Ferry Business - Autumn/Winter 2017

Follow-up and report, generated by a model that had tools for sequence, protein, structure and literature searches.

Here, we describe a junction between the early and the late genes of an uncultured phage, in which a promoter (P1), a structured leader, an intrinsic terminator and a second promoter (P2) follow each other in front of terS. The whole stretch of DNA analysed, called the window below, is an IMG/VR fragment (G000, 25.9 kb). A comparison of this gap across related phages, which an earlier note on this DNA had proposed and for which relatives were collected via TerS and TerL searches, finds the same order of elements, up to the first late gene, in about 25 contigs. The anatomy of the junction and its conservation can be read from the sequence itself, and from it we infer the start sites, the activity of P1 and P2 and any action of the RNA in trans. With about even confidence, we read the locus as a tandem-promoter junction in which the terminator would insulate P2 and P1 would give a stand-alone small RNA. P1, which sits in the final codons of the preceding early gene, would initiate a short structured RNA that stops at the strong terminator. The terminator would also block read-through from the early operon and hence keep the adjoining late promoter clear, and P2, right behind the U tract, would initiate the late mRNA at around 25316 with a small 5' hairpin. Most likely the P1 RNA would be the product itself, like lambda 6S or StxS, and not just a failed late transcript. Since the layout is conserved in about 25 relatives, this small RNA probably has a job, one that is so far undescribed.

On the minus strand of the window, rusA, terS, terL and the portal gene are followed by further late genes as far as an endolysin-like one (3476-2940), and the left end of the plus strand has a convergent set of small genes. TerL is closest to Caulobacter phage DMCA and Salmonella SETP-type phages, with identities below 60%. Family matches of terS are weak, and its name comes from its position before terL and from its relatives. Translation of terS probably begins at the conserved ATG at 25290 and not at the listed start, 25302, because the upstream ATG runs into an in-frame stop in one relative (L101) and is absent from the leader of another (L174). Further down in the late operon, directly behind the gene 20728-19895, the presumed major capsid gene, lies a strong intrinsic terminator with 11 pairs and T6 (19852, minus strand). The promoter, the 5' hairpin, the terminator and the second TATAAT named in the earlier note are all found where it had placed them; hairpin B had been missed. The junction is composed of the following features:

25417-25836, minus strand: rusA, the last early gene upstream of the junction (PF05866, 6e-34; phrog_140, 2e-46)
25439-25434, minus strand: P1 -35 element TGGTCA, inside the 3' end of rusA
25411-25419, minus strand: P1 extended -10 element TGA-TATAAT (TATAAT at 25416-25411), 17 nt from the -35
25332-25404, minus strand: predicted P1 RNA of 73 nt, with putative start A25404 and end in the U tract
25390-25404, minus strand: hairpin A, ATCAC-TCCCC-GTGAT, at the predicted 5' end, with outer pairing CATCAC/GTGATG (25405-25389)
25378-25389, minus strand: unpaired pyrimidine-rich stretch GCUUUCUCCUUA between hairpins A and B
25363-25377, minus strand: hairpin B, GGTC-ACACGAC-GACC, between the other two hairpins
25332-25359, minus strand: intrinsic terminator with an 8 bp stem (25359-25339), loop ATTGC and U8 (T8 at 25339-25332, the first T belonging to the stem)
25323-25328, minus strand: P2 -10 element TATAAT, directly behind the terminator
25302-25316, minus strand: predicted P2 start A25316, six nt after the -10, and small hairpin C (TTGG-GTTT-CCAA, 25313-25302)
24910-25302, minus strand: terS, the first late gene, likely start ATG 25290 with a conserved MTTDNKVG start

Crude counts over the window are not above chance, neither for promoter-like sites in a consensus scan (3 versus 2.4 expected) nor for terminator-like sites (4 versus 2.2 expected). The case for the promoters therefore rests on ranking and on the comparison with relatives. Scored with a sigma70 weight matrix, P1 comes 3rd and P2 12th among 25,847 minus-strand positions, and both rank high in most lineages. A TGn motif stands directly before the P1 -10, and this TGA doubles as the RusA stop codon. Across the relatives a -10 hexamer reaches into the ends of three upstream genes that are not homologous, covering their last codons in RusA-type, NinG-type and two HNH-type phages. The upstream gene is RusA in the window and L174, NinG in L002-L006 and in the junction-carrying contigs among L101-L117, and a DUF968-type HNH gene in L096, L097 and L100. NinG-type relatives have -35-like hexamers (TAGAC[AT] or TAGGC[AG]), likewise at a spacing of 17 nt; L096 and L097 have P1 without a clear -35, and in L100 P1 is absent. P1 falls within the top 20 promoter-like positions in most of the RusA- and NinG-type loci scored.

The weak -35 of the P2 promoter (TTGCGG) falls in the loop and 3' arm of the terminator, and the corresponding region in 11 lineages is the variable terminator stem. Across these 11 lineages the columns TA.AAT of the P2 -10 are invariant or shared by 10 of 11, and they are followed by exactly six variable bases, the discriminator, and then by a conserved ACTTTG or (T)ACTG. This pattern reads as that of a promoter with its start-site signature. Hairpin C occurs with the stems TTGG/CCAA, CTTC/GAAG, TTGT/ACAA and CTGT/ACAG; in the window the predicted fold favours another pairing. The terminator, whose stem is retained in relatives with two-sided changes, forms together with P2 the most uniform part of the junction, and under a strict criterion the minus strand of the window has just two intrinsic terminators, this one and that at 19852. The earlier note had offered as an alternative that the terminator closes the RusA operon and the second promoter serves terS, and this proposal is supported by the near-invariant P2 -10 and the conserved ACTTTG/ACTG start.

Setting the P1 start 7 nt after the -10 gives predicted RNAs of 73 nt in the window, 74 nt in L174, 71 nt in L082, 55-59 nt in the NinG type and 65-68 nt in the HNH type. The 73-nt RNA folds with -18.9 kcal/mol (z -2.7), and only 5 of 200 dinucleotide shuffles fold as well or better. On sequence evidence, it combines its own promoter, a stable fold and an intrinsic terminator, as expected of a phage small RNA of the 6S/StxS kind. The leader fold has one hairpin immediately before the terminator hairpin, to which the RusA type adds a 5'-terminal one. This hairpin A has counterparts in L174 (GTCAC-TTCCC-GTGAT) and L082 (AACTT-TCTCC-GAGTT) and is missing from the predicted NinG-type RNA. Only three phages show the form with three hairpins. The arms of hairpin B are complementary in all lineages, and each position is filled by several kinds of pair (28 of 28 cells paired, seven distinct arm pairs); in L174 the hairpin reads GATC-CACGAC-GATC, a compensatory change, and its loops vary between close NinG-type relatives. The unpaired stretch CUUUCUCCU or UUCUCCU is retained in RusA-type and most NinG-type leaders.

International Cruise & Ferry Review Ferry Business INTERVIEW 78 Irish Ferries’ new passenger vessel is scheduled to start service on the Irish Sea in July 2018 hile many UK mainland Europe ferry operators are concerned about Brexit and what it means for trading conditions, one company is looking to future growth, even inking its confidence with an order for a new passenger vessel. Britain is Ireland’s largest trading partner by volume, accounting for 36% of the total volume of overall exports so naturally, the result of the Brexit vote came as a shock across the Irish Sea. Despite this, Irish Continental Group (ICG) is confident that whatever happens, it will react in an efficient and profitable way. In early 2017, ICG reported earnings before interest, tax and other items of €83.5 million (US$98 million) for the year ending 2016 – up almost 11% on 2015, and a new record for the group. ICG’s ferry division, Irish Ferries, is the island nation’s leading maritime transport group. The company operates a schedule of up to 16 daily vessel departures between the freight and tourism hubs of Dublin and Holyhead, as well as between Rosslare Europort and Pembroke Dock in South Wales, and routes to Continental Europe through Cherbourg and Roscoff in France. ICG’s container and terminal division incorporates container shipping operator Eucon, Dublin Ferryport Terminals and Belfast Container Terminal. This network plays a key role in connecting Ireland with its primary trading partners the UK, as well as Continental Europe, and Irish Ferries considers itself to be a proud partner in the strategic development of these trade routes. Andrew Sheen, managing director of Irish Ferries, says the past 12 months have been a very positive period for Irish Ferries. “In addition to growing its freight and car carryings, Irish Ferries also made some changes to its fleet structure, with a significant acquisition and a disposal,” he says. “In May 2016, the company purchased the high-speed craft Westpac Express and agreed to continue her charter to Sealift (Military Sealift Command). The transition was managed with the change of head owners and head charterers going smoothly overnight so that the vessel could continue its operation in Naha, Okinawa.” More recently, Irish Ferries completed the sale of passenger ferry Kaitaki. “The vessel had been on long-term charter to its now owners Kiwi Rail since 2005, operating on New Zealand’s Interislander service across Cook Strait between Wellington and Picton,” Sheen explains. “As the Isle of Innisfree, the ship was the first newbuild undertaken by ICG in 1995, as part of a four-ship building programme over a five-year period. She was followed soon after by the larger Isle of Inishmore and then by the high-speed craft Andrew Sheen tells Justin Merrigan that Ireland’s Irish Ferries is well prepared to meet whatever challenges may emerge for Britain’s closest trading neighbour Irish Ferries is ready for life post-Brexit